Mount Vernon

Sharp business skills ensured the first president’s phenomenal success

America’s greatest leader was its first—George Washington. He ran two start-ups, the army and the presidency, and chaired the most important committee meeting in U.S. history, the Constitutional Convention. His agribusiness and real estate portfolio made him America’s richest man. He was as well known as any actress, rapper, or athlete. Men followed him into battle; women longed to dance with him; famous men, almost as great as he was, some of them smarter or better spoken, did what he told them to do. He was the Founding CEO. Read more >>

Reading America’s Most Famous Speech

No presidential speech has been as widely analyzed, memorized, or canonized as Abraham Lincoln’s Gettysburg Address. Read more >>

How Mount Vernon Rebuilt The First President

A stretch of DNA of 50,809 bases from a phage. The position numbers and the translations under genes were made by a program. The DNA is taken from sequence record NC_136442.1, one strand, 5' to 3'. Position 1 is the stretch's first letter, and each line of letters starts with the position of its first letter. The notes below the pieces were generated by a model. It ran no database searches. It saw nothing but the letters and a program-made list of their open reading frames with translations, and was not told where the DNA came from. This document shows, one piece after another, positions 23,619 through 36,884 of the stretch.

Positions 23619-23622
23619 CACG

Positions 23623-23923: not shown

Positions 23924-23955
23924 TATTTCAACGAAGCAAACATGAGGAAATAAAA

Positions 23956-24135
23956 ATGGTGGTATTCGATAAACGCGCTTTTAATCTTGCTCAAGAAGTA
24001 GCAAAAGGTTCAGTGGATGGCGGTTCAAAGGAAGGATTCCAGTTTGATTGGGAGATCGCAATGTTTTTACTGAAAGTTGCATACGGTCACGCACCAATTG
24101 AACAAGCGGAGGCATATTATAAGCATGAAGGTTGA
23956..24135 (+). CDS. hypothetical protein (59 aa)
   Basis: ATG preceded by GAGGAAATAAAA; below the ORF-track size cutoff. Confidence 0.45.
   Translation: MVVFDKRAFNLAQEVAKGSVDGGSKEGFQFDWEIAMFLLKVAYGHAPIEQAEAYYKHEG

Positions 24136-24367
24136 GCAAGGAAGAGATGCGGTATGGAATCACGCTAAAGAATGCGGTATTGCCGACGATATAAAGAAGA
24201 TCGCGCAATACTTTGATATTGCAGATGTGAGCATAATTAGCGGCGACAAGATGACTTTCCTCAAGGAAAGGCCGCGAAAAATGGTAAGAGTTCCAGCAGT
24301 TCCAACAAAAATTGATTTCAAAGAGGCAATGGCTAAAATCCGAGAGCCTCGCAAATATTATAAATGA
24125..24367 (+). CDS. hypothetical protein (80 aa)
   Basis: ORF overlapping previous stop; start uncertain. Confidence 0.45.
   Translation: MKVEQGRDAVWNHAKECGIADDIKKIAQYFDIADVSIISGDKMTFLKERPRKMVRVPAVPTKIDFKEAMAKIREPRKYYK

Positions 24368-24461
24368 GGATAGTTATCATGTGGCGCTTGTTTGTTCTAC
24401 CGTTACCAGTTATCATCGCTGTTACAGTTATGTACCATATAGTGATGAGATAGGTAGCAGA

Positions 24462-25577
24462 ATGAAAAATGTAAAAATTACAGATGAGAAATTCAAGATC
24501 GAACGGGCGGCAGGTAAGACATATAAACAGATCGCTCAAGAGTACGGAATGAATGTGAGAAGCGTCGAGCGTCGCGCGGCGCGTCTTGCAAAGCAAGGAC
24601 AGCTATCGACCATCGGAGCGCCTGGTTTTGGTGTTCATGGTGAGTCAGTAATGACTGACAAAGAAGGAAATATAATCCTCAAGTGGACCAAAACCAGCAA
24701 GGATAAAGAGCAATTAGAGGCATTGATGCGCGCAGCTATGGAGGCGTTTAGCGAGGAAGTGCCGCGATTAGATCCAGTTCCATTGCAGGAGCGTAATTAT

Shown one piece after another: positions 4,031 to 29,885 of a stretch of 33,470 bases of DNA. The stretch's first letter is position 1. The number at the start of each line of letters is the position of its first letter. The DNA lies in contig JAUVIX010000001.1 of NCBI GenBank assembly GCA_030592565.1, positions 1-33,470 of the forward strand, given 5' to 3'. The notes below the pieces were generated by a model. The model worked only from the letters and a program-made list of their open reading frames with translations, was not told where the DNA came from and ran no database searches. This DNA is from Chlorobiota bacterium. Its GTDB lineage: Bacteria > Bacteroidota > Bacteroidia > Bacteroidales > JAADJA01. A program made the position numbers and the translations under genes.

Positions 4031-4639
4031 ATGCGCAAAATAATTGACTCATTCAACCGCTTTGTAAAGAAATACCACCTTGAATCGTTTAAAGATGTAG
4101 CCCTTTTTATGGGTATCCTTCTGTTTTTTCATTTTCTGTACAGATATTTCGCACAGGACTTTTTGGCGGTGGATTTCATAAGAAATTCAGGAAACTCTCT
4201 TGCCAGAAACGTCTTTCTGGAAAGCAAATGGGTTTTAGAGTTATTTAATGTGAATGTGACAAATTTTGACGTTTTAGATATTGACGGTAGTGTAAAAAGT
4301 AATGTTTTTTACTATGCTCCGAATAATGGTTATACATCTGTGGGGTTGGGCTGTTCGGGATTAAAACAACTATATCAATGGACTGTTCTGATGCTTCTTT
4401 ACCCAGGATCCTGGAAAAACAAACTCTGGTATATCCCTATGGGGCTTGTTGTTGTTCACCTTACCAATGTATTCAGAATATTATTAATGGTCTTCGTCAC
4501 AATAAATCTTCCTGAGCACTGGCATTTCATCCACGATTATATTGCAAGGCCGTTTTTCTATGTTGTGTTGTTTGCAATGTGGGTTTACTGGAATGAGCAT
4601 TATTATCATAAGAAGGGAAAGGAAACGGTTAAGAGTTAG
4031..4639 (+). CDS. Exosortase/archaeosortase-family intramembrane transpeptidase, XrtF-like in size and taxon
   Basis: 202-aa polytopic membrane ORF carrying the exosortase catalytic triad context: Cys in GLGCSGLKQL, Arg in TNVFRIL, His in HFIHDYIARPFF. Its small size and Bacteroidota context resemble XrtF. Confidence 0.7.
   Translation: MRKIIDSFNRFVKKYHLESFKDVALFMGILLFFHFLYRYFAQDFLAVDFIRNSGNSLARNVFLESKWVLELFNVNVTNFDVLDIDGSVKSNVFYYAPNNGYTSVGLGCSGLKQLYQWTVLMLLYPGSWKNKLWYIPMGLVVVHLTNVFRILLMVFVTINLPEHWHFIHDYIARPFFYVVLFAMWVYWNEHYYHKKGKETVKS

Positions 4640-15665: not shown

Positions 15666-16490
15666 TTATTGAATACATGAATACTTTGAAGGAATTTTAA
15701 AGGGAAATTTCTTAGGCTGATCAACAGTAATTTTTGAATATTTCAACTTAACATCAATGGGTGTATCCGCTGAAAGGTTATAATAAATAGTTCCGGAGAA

George Nelson Clocks

George Nelson said he got into furniture design by accident, and indeed the architect didn’t actually create many of the mid-twentieth-century modernist icons synonymous with his name. The bubble lamp, the coconut chair, the sling sofa, and others he’s commonly credited with were styled by associates in his New York City office. Read more >>
The 3 Faces of George Washington The Buyable Past Resources The Gettysburg Gospen Read more >>

Richard Brookhiser has spent four years trying to capture for the television screen the character of perhaps the greatest American.

Mortally ill as his century dwindled to its close, Washington was helped to his grave by physicians who clung to typical eighteenth-century remedies. But he died as nobly as he had lived